In rallying to defeat Sasha Cohen of the United States and Irina Slutskaya of Russia, Shizuka Arakawa on Thursday became the first Japanese figure skater to win an Olympic gold medal.
She almost surely won't be the last.
"I hope this will be inspiration for the future generations of skaters," she said.
They're already in the pipeline.
Japan's women's team at the Turin Games was diverse, deep and impressive. And there's more like them at home, including perhaps the most sensational skater of the season, 15-year-old Mao Asada.
A jumping prodigy and one of the few women who has landed a triple axel in competition, the precocious Asada defeated Slutskaya to win the Grand Prix Final this season. However, she was 87 days too young to meet the International Skating Union's requirement that a skater must be 15 by July 1 of the year preceding the Olympics to be eligible for the Games.
In choosing its Turin team, Japan's skating federation used a complex formula that weighed results from competitions over several years. One of only three federations entitled to send three female skaters -- the U.S. and Russia also earned three berths each based on their skaters' results at last year's world championships -- Japanese officials had some difficult decisions.
They chose Arakawa, who won the 2004 world championships but dropped to ninth last year, two-time world bronze medalist Fumie Suguri, who is 25, and 18-year-old Miki Ando, the only woman who has landed a quadruple jump in competition.
Thursday's results proved them right. Arakawa, 24, was the class of the field when the women presented their long programs at the Palavela. She wasn't perfect, but her performance skills, stunning spirals and classic line lifted her well above a shaky Slutskaya and a stumbling Cohen.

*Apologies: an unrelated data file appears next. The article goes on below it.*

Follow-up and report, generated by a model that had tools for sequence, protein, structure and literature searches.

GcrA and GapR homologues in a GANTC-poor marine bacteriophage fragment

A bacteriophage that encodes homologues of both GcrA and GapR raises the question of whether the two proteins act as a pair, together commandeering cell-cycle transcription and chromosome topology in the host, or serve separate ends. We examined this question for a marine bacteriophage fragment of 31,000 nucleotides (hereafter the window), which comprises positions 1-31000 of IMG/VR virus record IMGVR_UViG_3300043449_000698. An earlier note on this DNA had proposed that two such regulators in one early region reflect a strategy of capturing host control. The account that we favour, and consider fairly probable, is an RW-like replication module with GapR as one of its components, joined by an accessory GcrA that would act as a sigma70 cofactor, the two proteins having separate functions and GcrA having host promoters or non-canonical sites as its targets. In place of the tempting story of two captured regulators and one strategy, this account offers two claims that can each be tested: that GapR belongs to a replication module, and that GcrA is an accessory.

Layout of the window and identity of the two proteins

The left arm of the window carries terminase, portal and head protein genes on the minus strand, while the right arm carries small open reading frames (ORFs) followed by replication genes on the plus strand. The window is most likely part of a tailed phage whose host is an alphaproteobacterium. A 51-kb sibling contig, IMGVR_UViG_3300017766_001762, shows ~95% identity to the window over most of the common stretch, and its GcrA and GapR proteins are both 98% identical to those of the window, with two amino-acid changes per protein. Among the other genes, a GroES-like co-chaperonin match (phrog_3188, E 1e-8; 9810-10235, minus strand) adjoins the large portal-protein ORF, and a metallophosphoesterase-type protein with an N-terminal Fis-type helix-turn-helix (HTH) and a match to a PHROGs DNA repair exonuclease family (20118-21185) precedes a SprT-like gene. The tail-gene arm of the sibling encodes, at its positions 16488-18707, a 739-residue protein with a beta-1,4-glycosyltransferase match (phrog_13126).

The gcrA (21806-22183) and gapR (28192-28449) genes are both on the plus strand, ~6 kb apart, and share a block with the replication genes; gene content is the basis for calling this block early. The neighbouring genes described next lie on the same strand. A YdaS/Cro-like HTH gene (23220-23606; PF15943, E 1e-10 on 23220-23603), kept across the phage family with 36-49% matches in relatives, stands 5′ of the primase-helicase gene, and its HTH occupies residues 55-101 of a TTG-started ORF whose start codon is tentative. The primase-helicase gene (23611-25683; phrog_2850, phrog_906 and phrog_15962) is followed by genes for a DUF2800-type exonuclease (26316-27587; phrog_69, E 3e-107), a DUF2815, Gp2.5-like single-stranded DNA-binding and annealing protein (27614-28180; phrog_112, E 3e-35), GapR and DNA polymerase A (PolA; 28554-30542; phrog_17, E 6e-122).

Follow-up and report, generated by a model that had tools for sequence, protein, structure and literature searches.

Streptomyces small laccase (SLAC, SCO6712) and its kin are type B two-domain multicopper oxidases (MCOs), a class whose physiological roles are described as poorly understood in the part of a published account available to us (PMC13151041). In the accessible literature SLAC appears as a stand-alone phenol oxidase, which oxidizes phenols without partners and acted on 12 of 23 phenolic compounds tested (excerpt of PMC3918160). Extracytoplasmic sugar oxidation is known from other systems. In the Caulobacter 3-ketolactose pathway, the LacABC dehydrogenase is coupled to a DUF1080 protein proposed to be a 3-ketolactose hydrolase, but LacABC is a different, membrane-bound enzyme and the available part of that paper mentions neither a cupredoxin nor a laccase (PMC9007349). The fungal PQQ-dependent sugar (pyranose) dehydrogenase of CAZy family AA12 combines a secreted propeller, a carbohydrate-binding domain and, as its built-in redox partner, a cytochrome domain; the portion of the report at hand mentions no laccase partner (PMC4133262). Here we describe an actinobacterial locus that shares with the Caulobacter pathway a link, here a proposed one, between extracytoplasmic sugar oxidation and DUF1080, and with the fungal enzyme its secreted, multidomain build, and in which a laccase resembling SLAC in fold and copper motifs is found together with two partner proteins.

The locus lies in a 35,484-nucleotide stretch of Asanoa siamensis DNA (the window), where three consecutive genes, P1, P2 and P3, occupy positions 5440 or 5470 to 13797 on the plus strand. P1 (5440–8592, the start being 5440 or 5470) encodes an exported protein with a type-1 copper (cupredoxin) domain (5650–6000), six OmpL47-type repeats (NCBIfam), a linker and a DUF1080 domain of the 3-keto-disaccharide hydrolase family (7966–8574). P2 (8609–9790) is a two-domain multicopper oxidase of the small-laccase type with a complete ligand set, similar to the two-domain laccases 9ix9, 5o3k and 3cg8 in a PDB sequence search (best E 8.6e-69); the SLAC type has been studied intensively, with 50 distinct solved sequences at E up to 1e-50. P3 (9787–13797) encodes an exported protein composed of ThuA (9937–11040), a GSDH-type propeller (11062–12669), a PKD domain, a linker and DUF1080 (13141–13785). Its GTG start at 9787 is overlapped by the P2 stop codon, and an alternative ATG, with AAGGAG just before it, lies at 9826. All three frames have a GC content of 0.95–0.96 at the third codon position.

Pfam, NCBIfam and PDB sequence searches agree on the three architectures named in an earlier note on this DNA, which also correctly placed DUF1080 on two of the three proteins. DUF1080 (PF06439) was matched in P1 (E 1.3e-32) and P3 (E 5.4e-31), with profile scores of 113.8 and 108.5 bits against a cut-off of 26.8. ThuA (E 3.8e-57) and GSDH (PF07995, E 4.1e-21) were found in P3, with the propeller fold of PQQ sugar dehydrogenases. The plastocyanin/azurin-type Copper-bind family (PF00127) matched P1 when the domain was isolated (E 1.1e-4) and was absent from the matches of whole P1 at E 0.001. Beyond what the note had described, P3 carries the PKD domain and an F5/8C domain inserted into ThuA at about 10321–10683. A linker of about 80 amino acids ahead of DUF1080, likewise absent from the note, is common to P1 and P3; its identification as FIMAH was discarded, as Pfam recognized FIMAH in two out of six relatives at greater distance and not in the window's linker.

Suguri finished fourth, six points out of the medals, and Ando finished far back in the pack. The next generation is pushing them, led by Yoshie Onda, who landed seven triple jumps at the Japanese national championships but didn't make the Olympic team, and Yukari Nakano, who was third in the Grand Prix Final.
Asked about Asada on Thursday, Arakawa's response, through an interpreter, was somewhat cryptic.
"I believe that Mao Asada has the potential to become a world champion and Olympic champion," Arakawa said, "but the champion each year has to have luck and the same time with their skills."
Japanese skaters are also getting more support from skating officials, Suguri said last week in explaining the rise of skaters from her country.
"It is the Japanese federation's effort and a lot of coaches' effort," she said. "Also, our situation at the rink is not very good, but we manage to practice in a little time. Also, we Japanese are very strong and many skaters bring the level higher, and other skaters want to catch up."
Japan celebrated Arakawa's gold medal early this morning. Newspapers released special editions and television stations repeatedly featured Arakawa's winning performance.
Arakawa was cheered by an audience at Tohoku High in Miyagi prefecture, where she skated and studied for three years.
"I am so glad," said Kazuya Igarashi, the school's vice principal. "Even [though] it was early in the morning, about 120 students, teachers and staff got together in a music room at 5:45 and we were watching her skate."
At the Takanawa Prince Hotel in Tokyo, a giant TV was brought into a reception hall so hotel staff members could watch Arakawa. She belongs to a skating club that is sponsored by the hotel.
"It was so exciting and I was touched," said Yoshihiro Tatara, a public relations official for the hotel.
Hisako Ueno of The Times' Tokyo Bureau contributed to this report.